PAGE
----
Rumors, Gossip, and Jokes!
Wednesday September 22nd 2010, 9:15 pm
Filed under: Uncategorized

In a college environment one can’t help but notice the insinuations, stereotypes, and accusations students have about one another. From my perspective it feels as if I live in a tourist like snow globe and I am constantly being watched and shaken by my peers who are waiting to make a comment about what I do, say, or wear.  Like most nights, a few of my friends and myself sat around and just talked; had a typical girls night.    Like most nights we talked about guys, relationships, sex, drama, and personal issues.  While on the topics of guys each girl was naming who they thought the cutest guy on campus was and if they would ever approach him.  As one of my friends was listing off a guy she thought was attractive another friend blurted out “Eww, that fag***!” Soon the whole room burst into laughter, and guilty as I am, I joined in with the laughter.  The guy who my friend named was a well groomed, fashionably dress, poetic guy who happened to have a lighter voice.  Not once did he say that he was of the homosexual/bisexual orientation nor have she ever witnessed him romantically involved with another guy, so her comment was composed of assumption.  Like the rest of the girls there, as the laughter died down, we continue talking as if nothing wrong was said and enjoyed the rest of our night.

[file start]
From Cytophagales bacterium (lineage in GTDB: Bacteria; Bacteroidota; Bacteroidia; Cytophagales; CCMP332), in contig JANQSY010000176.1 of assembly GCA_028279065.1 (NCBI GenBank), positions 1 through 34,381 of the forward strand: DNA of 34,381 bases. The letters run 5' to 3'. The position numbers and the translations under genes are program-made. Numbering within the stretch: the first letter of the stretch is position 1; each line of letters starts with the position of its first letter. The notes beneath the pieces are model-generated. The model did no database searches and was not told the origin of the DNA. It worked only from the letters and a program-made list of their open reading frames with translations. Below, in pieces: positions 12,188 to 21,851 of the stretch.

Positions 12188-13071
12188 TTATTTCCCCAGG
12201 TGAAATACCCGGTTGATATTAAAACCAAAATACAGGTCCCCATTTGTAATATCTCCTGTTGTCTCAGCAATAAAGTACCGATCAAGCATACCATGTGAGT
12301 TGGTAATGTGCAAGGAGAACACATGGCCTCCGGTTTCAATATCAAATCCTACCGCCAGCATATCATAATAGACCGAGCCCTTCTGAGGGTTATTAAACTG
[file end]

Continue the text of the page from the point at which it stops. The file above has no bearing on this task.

Analyzing the situation now, I noticed that I did nothing more than encourage ignorance to be acknowledged and joked upon.  We socially constructed the idea that a man should be masculine in voice and rugged in appearance.  We have an idea that they should be sweaty and handy and when they go outside the norm and decide to take upon activities that aren’t socially placed on them they get categorized into unaccepted territory.  Given that he has a sense of style he was given the persona of being gay but the fact that he was previously in a committed long term relationship with a girl was irrelevant to her comment.  What is considered  heterosexual, masculine, homosexual, and feminine are socially constructed ideas implanted to allow people to generalize people into groups.  Addressing ignorant comments is important because when laughed at or unacknowledged it gives the speaker a sense that their comment was appropriate and doesn’t help with social change that is trying to occur.  There are two ways to be apart of a problem: your either the noticeable perpetrator or the passive observer, and in the above scenario I was the passive observer. Now I acknowledge unwelcoming comments and encourage everyone to say only appropriate things when addressing someone; as my father told me, “if you don’t have anything nice to say, than don’t say anything at all.”